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U.S. Army Corps of Engineers Water Resources Planning: A New Opportunity for Service exceeded costs. The Section 404 program goal, however, is an extension of the logic of the Clean Water Act—to prevent to the maximum extent possible the discharge of pollutants to U.S. waters. There is little room for the application of benefit-cost analysis in the Clean Water Act and hence in a wetlands permit decision (Weyerhaeuser Co. v. Costle, 590 F.2d 1001, D.C. Cir. 1978). Instead, the decision logic is that unless costs are deemed unreasonable, the permit should be denied as being inconsistent with the goals of the act. As the Corps, other agencies, environmental groups, and the general public seek to independently exercise their powers and authorities, persistent conflict may ensue (Stakhiv, 2003). Interestingly, the term “watershed management” has been revived as another way to describe a decision process that will accommodate the diffusion of goals and of water governance authorities. Although justifications for a revival of interest in watershed management often are scientific in origin, watershed management is also understood as a new way to make decisions. The call is for collaborative processes in which power is shared among agencies and the stakeholders they represent. These collaborative processes range from information sharing forums to those designed to solve specific physical and regulatory problems (NRLC, 2000) and rely upon stakeholder consensus to create plans that will secure the approval of all parties to a collaboration. However described, the current national water governance system begs for more effective collaboration and cooperation. In this setting, the Corps and the nation should reconsider the role of the rational planning practices and procedures that were designed to serve a more hierarchically structured and federally focused decision process. Looking to the Future Planning for and funding of water control is a job that the nation has given to the Corps. Over time, the purposes planned for have changed and the kinds of projects have changed, as well. In addition, there have always been struggles over what branch of government will set spending priorities for the program, and critics of how projects are selected and funded have existed for decades (Maass, 1951). If there has been a constant (at least until recently), it was that projects were expected to control hydrologic and geomorphic process in the nation’s rivers and along its coastlines. The future national water policy landscape may hold important

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U.S. Army Corps of Engineers Water Resources Planning: A New Opportunity for Service changes from today’s conditions, but these prospective future changes were discussed by some water policy analysts and scholars years ago. For example, a 1973 report from the (former) National Water Commission (NWC), Water Policies for the Future: Final Report to the President and to the Congress of the United States (lost in the furor over the Watergate scandal) presciently described many of subsequent major developments in water policy. For example, in a finding that remains relevant today (and which is emphasized in this report), it was noted that “federal water planning today is now oriented toward construction of water resources projects, an orientation that made sense 50 years ago but that does not relate to today’s water problems” (NWC, 1973). The NWC could not have foreseen: the relatively rapid collapse of political consensus for continued water development; the rise of the ecosystem restoration “movement”; the redirection of federal fiscal policy from domestic spending to budget reduction, and; a diffusion of federal authority in setting water policy. The 1973 NWC report assumed that federal water resources project development would continue at a lesser rate than post-World War II activity, but would continue to be the primary federal water resources function, and thus, there was a need to continue to refine project planning and selection techniques. Water Policies for the Future contained additional foresight regarding water resources decision making. It addressed the problem of competition and duplication among agency functions and called for a centralized data collection agency. The NWC stopped short of calling for a Department of Natural Resources because it forecast the Bureau of Reclamation’s long-term role as resource manager rather than project construction agency and saw a similar role for the Corps of Engineers. The NWC called for careful review of all federal projects and for the creation of “an independent review board … to keep a check on the project evaluation biases of the Federal construction agencies.” The significance of the NWC report is not that it predicted future conditions or that its recommendations should be adopted today. The point is that the commission’s sense that an ebbing of water development programs and a shrinking of agency budgets and staff was likely came to pass (and underpins today’s national water management policies and decisions). In the following chapters, the current status of the Corps’ program and its planning capability is reviewed, and recommendations for reinvigorating and reorienting the program are presented. The nation needed an agency of government to do what the Corps did in the past. Water resources planning and management remain important challenges, and there will continue to be federal roles in addressing them. This re-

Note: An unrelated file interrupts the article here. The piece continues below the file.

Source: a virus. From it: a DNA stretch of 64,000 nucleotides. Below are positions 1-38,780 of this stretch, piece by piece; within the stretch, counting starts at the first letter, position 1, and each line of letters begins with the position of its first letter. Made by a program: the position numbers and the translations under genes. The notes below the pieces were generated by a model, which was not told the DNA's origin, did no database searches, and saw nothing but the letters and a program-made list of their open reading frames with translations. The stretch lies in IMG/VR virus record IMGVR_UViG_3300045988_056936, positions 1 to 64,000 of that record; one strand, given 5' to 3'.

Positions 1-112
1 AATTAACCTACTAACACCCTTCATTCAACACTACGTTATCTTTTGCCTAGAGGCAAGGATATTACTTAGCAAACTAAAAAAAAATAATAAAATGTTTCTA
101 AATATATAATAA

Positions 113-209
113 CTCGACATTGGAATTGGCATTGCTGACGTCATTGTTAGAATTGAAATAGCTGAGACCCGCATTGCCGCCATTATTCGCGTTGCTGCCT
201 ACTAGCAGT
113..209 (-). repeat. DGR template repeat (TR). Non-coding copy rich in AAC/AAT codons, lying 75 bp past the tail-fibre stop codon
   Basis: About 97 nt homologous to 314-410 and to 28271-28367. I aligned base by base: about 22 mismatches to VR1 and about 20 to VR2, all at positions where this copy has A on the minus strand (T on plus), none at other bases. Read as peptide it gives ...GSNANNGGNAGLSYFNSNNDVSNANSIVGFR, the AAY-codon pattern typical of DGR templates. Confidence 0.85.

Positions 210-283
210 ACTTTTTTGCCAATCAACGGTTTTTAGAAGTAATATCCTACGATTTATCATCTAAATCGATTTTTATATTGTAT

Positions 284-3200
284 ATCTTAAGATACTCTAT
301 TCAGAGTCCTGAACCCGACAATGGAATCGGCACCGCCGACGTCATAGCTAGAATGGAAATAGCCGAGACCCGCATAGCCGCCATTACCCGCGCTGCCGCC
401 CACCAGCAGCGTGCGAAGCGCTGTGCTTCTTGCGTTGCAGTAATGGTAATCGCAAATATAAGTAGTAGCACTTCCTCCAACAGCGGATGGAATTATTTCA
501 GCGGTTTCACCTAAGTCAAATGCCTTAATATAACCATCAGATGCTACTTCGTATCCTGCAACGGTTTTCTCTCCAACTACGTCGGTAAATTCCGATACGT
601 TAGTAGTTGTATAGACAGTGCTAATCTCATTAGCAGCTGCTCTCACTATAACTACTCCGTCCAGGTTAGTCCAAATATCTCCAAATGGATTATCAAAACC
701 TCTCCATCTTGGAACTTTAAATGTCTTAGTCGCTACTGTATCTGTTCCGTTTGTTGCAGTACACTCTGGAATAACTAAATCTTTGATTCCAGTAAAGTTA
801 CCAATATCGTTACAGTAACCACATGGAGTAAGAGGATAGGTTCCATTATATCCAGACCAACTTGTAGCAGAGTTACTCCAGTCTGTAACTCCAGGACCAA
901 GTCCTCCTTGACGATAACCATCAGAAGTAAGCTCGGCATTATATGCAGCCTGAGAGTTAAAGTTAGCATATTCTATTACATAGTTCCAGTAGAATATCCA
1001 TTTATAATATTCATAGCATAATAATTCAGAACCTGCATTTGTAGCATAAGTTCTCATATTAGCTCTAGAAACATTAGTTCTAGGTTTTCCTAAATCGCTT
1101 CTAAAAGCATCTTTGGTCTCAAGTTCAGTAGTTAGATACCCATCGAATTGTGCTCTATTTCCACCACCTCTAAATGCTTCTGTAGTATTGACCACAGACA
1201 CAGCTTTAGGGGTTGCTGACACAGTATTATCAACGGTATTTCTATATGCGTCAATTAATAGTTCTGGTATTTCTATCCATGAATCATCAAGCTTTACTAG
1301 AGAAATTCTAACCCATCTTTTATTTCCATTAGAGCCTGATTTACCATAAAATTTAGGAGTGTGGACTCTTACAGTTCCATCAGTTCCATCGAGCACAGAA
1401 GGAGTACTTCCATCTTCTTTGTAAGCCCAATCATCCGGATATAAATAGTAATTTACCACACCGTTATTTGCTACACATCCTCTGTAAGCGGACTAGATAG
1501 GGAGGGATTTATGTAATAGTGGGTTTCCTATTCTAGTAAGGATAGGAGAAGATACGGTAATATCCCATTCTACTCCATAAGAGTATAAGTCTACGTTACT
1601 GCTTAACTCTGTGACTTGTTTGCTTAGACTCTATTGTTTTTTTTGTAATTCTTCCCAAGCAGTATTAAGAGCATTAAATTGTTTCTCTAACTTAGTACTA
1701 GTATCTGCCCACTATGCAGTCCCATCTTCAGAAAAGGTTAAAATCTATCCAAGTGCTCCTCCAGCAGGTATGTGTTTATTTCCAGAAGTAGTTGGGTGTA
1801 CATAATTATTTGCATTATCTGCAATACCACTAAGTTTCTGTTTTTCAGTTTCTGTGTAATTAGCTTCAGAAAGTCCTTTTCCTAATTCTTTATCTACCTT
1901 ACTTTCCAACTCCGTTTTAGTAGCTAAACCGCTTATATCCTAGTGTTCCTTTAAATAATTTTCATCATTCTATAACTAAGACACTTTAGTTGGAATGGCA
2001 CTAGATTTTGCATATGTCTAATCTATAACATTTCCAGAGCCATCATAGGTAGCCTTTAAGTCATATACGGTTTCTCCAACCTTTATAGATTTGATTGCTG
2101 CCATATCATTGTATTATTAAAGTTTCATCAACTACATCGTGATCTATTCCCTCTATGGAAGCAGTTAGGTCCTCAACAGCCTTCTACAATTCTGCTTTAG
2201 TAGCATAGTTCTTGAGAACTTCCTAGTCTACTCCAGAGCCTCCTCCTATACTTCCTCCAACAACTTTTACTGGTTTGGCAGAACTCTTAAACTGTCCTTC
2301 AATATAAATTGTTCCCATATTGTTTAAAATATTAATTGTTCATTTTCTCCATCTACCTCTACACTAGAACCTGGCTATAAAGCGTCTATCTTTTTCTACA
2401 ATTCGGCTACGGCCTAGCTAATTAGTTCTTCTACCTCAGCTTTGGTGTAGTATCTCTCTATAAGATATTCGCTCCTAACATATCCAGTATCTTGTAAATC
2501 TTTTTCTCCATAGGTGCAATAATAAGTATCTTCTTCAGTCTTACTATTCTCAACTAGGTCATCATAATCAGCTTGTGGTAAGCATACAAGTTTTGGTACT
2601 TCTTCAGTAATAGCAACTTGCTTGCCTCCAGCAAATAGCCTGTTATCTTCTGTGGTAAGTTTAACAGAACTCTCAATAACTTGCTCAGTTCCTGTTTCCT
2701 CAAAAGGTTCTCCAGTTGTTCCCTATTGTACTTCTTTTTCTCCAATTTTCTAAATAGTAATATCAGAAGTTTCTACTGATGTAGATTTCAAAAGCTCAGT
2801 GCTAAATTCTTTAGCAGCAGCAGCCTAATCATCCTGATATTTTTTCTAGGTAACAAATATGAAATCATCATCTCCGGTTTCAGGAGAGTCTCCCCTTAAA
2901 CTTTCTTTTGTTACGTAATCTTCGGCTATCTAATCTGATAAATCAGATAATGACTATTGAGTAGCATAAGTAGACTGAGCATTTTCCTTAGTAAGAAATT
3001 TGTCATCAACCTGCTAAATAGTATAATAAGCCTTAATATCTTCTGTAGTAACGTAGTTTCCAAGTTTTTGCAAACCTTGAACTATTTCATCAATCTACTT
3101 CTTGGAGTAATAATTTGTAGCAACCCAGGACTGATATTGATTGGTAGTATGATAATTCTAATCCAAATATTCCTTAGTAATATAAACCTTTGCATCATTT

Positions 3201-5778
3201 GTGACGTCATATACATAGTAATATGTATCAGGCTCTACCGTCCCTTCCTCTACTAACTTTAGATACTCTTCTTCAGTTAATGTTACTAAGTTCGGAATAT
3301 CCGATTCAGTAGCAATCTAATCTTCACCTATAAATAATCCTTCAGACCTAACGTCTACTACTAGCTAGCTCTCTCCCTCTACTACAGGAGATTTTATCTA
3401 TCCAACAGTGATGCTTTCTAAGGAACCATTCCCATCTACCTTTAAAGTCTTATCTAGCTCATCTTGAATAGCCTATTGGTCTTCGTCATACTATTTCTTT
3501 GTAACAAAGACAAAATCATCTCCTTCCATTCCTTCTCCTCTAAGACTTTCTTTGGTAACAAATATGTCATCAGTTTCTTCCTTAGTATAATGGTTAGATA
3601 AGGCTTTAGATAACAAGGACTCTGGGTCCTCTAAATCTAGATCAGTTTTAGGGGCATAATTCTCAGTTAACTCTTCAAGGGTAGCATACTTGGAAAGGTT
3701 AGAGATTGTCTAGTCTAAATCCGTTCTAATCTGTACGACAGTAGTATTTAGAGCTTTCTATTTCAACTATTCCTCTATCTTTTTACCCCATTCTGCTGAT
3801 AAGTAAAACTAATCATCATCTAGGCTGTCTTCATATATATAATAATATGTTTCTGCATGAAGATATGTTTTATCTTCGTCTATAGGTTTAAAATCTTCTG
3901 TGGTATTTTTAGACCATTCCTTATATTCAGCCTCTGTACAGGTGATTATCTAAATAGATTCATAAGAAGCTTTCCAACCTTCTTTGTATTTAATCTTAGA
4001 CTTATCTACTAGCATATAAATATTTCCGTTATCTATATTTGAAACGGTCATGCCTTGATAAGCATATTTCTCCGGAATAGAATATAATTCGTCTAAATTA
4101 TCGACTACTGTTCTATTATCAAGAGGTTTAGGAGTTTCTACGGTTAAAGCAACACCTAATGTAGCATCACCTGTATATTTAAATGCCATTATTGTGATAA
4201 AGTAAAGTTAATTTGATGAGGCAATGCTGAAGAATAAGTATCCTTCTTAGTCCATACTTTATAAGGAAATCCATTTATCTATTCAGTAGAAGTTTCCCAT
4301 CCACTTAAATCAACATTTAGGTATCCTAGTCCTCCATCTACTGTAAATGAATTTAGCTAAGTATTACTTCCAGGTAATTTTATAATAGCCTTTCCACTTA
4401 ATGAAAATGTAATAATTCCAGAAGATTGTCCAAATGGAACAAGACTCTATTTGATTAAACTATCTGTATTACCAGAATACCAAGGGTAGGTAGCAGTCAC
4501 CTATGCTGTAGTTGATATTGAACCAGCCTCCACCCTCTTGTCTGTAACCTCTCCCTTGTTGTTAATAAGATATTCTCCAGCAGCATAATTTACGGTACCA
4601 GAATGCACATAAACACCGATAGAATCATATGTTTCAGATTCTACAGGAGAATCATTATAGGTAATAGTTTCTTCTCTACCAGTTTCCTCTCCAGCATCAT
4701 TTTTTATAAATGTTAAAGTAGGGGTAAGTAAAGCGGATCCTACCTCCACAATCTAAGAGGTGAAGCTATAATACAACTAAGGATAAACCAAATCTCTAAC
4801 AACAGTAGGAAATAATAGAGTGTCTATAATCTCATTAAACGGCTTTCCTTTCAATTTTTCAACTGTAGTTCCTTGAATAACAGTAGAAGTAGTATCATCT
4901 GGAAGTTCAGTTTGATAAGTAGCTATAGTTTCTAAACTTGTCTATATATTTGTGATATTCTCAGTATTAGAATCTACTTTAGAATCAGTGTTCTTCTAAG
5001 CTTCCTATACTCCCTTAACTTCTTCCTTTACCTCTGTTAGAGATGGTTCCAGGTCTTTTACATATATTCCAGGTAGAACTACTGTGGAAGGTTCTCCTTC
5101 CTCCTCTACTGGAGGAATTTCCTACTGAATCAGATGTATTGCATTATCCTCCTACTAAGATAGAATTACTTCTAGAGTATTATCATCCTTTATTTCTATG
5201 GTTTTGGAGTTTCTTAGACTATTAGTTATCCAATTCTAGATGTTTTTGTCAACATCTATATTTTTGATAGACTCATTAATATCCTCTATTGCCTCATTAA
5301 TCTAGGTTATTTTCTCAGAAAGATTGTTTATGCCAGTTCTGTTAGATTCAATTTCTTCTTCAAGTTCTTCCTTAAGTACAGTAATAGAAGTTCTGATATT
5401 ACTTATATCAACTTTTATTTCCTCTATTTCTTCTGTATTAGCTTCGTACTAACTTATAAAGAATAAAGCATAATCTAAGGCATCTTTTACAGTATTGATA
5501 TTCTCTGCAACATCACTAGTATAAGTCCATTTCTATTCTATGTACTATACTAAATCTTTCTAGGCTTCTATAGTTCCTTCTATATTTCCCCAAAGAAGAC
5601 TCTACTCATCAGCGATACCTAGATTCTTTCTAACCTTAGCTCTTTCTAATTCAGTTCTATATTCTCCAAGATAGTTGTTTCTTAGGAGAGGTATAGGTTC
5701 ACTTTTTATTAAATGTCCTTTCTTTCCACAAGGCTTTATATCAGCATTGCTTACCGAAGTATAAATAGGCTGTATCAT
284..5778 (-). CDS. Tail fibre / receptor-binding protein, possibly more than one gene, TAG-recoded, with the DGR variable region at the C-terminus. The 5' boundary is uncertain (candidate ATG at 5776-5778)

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U.S. Army Corps of Engineers Water Resources Planning: A New Opportunity for Service port examines ways in which the Corps of Engineers might best contribute to the nation’s water resources needs in the twenty-first century. The following chapter discusses ways in which the Corps’ planning functions might be reoriented to tailor them to existing and future conditions and needs.